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Vienna Murder Suspect Wounded In Chechnya Attack

Three defendants in the murder trial of Umar Israilov sit in court in Vienna in November 2010. Prosecutors have linked the suspects to Chechnya's leadership.
Three defendants in the murder trial of Umar Israilov sit in court in Vienna in November 2010. Prosecutors have linked the suspects to Chechnya's leadership.
A man wounded on January 9 in an attack on Chechen members of the Russian Interior Ministry's 42nd Motor-Rifle Division has belatedly been identified as Lecha Bogatyryov, a Chechen policeman wanted in Austria in connection with the murder in Vienna two years ago of Umar Israilov, a former member of Chechen Republic head Ramzan Kadyrov's bodyguard.

Months before he was killed, Israilov had described to "The New York Times" how he witnessed Kadyrov and his henchmen torturing persons suspected of abetting the North Caucasus insurgency.

Three other suspects in Israilov's killing are currently on trial. The prosecution is convinced the killing was carried out on Kadyrov's orders, but Kadyrov has repeatedly denied any involvement, and his lawyer Andrei Krasnenkov has categorically rejected the possibility of Kadyrov traveling to Vienna to testify.

The Austrian police identified Bogatyryov, who fled Vienna immediately after Israilov's death, as having fired the shot that killed him. Bogatyryov's whereabouts remained unknown until late last year, when he was identified in Russian TV footage of a stage-managed gathering in Grozny to reconcile blood-feuding families.

'Proxy War'?

Why Bogatyryov, 35, should now have been selected as one of a team of two gunmen tasked with the assassination of 42nd Motor-Rifle Division company commander Lieutenant Colonel Bislan Elimkhanov, is not immediately clear. There has long been bad blood between Elimkhanov's men, who formerly constituted the infamous Zapad (West) Battalion directly subordinate to Russia's military intelligence agency (GRU), and the Chechen police and security personnel loyal to Kadyrov. Kadyrov enjoys the protection of the Federal Security Service (FSB), which has long been at daggers drawn with the GRU.

The attack on Elimkhanov was meticulously reconnoitered (from a car wash situated close to the entrance to the Russian military base at Khankala on the eastern outskirts of Grozny) and professionally carried out. The gunmen opened fire with sniper rifles from two different positions on Elimkhanov's Lada Priorat and two vehicles following him when they slowed down to turn in to the main entrance of the base. Elimkhanov's driver was killed; Elimkhanov sustained multiple bullet wounds.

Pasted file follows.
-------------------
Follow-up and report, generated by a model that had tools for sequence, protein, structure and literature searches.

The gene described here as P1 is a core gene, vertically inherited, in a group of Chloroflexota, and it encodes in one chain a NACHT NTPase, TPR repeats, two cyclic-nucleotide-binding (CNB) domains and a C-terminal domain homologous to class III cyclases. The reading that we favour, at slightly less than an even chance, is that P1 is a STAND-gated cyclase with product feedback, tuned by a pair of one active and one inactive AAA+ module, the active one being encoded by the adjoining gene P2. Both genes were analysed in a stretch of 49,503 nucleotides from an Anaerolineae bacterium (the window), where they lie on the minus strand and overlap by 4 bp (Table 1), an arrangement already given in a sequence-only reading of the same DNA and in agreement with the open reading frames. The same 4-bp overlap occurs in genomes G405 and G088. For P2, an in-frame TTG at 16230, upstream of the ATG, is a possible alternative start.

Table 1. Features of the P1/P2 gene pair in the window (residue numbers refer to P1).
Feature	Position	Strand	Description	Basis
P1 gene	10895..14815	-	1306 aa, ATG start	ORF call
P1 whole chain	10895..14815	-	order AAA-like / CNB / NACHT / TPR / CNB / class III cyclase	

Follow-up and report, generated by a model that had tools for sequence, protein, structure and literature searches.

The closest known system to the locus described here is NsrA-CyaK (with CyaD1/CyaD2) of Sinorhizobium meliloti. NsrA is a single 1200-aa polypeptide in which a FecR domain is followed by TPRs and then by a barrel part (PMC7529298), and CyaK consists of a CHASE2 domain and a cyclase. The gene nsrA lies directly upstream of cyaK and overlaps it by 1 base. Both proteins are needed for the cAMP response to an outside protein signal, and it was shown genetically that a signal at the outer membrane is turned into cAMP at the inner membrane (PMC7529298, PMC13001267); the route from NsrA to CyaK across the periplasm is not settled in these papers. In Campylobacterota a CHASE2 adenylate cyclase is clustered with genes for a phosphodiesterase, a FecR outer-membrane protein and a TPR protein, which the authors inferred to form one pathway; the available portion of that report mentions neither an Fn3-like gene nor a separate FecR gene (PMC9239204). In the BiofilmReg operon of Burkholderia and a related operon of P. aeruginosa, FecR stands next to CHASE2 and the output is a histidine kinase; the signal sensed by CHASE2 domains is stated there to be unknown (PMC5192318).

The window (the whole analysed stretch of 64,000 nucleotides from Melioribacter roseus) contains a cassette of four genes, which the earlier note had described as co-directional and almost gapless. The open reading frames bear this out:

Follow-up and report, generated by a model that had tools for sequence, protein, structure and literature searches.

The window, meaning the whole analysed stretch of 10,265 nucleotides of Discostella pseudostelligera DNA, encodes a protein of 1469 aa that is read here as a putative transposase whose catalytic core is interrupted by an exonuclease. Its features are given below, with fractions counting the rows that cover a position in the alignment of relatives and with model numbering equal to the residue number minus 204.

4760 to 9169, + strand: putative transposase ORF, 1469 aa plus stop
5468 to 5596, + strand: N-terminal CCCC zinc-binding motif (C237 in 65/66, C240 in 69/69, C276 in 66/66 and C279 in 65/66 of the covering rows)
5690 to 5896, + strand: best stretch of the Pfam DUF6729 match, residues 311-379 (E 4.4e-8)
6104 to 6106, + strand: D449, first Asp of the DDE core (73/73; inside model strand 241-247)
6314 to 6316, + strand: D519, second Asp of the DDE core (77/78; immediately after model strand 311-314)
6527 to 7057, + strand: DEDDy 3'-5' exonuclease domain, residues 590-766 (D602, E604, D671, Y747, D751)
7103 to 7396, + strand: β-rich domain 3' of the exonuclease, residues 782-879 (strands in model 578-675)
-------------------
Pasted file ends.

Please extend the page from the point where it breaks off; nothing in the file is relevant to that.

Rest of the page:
Bogatyryov has denied firing at Elimkhanov and insists he was simply caught in a cross-fire. A second assailant, subsequently identified as Ruslan Tatabayev, reportedly wanted by federal police for knifing someone in a Moscow bar, was killed when Elimkhanov and his men returned fire.

Elimkhanov subsequently told the Russian daily "Kommersant" that his cavalcade was flagged down some 5 or 6 kilometers from Khankala by men in police uniform, one of whom was Tatabayev.

The attack was the second on Elimkhanov's life. The first was in September 2008, shortly after Zapad returned with its fellow Vostok (East) Battalion from fighting as part of the Russian military contingent deployed to South Ossetia.

Chechen police officials initially said the two men who opened fire on Elimkhanov's motorcade on January 9 were Chechen insurgents. Most of Zapad's members are Chechens from the northern Nadterechny district who never supported the Chechen insurgency. Elimkhanov's fellow officers suggested Elimkhanov could have been targeted by a personal foe; but it seems unlikely that someone with a personal grudge would have been in a position to pose with accomplices as police and flag Elimkhanov's car down shortly before the attack.

A third possibility, floated by the insurgency website, is that the attack on Elimkhanov was simply the most recent episode in the proxy war between the FSB, in the person of Kadyrov's men, and the GRU. A Zapad serviceman named Aslan Magomadov (aka Tyson) was implicated in an altercation in mid-November in Grozny in which a Chechen policeman was shot dead. Kadyrov called the dead man his "brother" and swore to exact revenge. But Zapad refused to hand over Magomadov, who subsequently fled Chechnya.

In light of Kadyrov's threat, it is conceivable that the already compromised Bogatyryov was tasked with the attack on Elimkhanov in circumstances where there was every chance he too would be killed when Elimkhanov's fellow servicemen returned fire. Bogatyryov's demise would thus have precluded having to hand him over to the Austrian authorities to answer questions about Israilov's death that might substantiate the suspicion of Kadyrov's involvement.

About This Blog

This blog presents analyst Liz Fuller's personal take on events in the region, following on from her work in the "RFE/RL Caucasus Report." It also aims, to borrow a metaphor from Tom de Waal, to act as a smoke detector, focusing attention on potential conflict situations and crises throughout the region. The views are the author's own and do not represent those of RFE/RL.


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